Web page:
We came directly out here to the Bryan's & have been here ever since, most kindly cared for. Indeed, if it be true "that it is more blessed to give than to receive," there must be a great many happy people in the world now, for the outpoured sympathy & kindness of the world is ours & we need it. Hardly a family on the North Side saved a change of clothing, & every shop in the city & every office & bank being burned, no one had any money to purchase anything or anything to purchase if they were able. You may imagine how I felt on meeting Mrs. Arnold coming from the Relief Society with a bundle of clothing for Mr. Arnold, though I think she felt rather uplifted by the necessity, appearing somewhat in the character of a martyr, & when Dr. Rylance went to see her & seizing her hands with one of his characteristic gushes exclaimed: "You noble woman," I am sure she felt abundantly repaid for all she had undergone. We have come to the literal fulfillment of the injunction: "Let him that hath two coats, give to him that hath none," for we all share & share around in a way that partakes very strongly of the ludicrous. I found when I examined the sheet which contained my wardrobe that I had one nightgown & six white skirts. Mrs. LeMoyne had fifty homeless ones in her house the night after the fire, not one of whom had a change of clothing. Mrs. Ryerson had on a wrapper & man's hat tied down with a handkerchief. Tille D'Wolf had a calico wrapper with a bed blanket by way of shawl, & in that state appeared at Judge Drummond's. Mrs. Winston saved a pink silk dress trimmed with lace, but very little else; one lady had a carriage full of party dresses & another a half dozen bonnets. One man was seen running from the fire with two immense turnips & another with a piece of broken furniture of some kind. The Rumseys just succeeded in getting out with all their children, leaving all else behind. Old Mrs. McCagg was taken out at the last moment & forced to run, delicate as she is, to Chicago Ave. where she fell exhausted & would have burned in the street if her friends had not seized an express wagon & placed her in it. Ezra McCagg has lost every dollar of income & all his fine library, though his pictures were saved; his greenhouses look strangely enough in the midst of all the surrounding desolation. Washington Park is full of the barracks built by the city for the houseless poor--they are the only neighbors Mr. Ogden has within a mile. One of the men whom we employed for a day told Charlie "that they had not many neighbors, but they were very select!" meaning the Ogdens. I think Mrs. O. feels worse, living in her elegant, untouched house, than we do who are altogether homeless, & I do not wonder at it, as they live in fear of their lives, with their house watched day & night by policemen.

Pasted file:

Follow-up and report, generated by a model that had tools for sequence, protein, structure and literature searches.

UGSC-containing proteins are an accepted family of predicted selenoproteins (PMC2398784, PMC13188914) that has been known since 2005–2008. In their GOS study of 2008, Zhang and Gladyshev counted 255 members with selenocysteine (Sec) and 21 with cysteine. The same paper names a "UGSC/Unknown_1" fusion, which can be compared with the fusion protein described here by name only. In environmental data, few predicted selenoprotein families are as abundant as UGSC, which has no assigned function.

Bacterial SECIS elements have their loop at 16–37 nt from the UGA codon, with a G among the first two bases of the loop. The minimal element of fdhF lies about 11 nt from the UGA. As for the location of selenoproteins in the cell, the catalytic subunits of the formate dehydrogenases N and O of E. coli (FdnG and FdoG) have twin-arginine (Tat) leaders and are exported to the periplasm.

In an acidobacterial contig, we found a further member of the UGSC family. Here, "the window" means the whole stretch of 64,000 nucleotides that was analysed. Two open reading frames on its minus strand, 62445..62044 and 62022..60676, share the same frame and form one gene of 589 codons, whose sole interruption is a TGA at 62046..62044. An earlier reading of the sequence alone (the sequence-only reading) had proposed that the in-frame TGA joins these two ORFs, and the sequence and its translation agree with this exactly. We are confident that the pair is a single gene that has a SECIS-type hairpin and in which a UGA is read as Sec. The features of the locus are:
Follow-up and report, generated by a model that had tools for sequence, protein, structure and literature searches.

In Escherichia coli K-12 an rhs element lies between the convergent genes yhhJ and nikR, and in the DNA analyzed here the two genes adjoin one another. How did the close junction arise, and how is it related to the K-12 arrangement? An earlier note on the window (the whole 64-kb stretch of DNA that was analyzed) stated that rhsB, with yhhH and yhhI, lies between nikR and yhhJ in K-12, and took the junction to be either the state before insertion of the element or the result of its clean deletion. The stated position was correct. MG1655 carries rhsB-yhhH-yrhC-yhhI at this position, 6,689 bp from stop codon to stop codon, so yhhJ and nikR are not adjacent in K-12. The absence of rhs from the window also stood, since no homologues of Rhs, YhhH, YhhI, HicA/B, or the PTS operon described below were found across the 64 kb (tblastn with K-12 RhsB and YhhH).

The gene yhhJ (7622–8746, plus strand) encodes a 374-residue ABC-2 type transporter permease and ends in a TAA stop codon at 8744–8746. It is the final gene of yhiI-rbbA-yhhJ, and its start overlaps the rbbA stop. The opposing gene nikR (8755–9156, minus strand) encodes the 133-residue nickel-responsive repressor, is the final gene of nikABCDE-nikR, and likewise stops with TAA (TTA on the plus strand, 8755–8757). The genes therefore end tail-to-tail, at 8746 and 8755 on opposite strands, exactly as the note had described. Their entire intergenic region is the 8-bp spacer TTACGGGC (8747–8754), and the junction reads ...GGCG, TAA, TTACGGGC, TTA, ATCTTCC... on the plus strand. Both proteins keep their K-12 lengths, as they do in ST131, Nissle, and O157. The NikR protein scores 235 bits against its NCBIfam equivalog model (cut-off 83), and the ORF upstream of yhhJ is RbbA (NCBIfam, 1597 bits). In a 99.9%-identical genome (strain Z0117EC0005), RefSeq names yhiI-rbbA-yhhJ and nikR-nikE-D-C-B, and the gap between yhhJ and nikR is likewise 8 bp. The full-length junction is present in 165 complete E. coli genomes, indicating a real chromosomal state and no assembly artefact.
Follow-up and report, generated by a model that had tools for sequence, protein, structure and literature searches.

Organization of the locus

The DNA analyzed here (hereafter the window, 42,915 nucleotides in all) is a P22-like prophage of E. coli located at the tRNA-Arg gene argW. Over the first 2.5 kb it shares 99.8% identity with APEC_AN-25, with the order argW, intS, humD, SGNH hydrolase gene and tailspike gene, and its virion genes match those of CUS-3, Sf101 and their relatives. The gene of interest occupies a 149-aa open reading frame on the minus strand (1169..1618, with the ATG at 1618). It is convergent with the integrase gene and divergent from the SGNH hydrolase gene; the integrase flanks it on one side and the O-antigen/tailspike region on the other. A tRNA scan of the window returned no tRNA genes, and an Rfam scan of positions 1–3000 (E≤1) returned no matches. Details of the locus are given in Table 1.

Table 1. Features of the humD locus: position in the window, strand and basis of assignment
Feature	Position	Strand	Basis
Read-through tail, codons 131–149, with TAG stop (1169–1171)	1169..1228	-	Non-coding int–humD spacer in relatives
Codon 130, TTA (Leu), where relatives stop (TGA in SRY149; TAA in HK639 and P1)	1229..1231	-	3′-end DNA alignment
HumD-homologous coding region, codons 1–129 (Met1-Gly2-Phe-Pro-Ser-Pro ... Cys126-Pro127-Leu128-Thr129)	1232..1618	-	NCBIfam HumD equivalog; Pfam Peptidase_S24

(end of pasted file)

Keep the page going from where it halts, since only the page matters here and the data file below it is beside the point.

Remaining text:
The Arnolds have taken a small furnished house on the South Side & one servant. The Scudders are with them; poor Mary lost all her wedding presents; what were not burned in the house were melted in Mr. Magie's lot where they buried them. The Magies had a very narrow escape, as they waited in the house loth to give it up till the fence took fire & were both severely burned; indeed, they gave up all hopes of life & went & stood under one of the trees in their yard to wait for the end, when they saw a place where the fence had burned away & rushed through.
Albert Munger has lost about four hundred thousand dollars, Mr. Ogden about three millions. The losses of that whole family are tremendous as they were insured almost entirely in home companies. Mr. Ryerson, too, seems to be very much injured by the fire (financially I mean). Mrs. King is out here at their little country place. Mr. King lost heavily, but his credit is unimpaired, so he feels in very good spirits, as he stands with Field, Leiter & Co. & a few others among those who mean to pay dollar for dollar. It must be a great mortification for J. V. Farwell to be obliged to ask for time. I understand that Mr. Bross has lost almost everything but his picture, which he was seen during the fire carrying off on horseback--the only thing he saved. Jessie has behaved nobly, as of course she would; it is said she [is] looking for a situation of some kind. Clarence Dyer had just got nicely settled in his own house & has lost that & his coal yard which must be very hard for him. They were with Mrs. Turnley immediately after the fire; I have not heard since.
All in that part of the town were driven by the flames toward the lake & most of them suffered terribly. Mary Howe & her baby took refuge on the pier with the Arnolds & many others & were there for hours. Some went into the lake itself; some got off in small boats & were out all night before they could get back again. Thousands were out on the prairie & in Lincoln Park all night exposed to the heavy rain which came just twenty-four hours too late. Essie Stockton was married the Thursday after the fire in a white petticoat with a morning dress looped over it & departed on her wedding trip with her "trousseau" tied up in a pillow case! Louise Goodwin & her devoted went off on theirs with passes furnished by the Relief Society! The sick had a terrible time--one lady with a baby a few days old got up from her bed & walked a mile; one with a baby a few minutes old was laid on a mattress & driven off in a wagon; hundreds of children were born on the prairies the next few days--but all those things you can imagine.
I fear I have written a very incoherent letter, for I seem to have lost my faculties since the fire. I hardly remember from hour to hour what I am doing, though the last few nights I have begun to sleep more & hope soon to feel better. I long to hear of you all.
Yours most affectionately,
Anna E. Higginson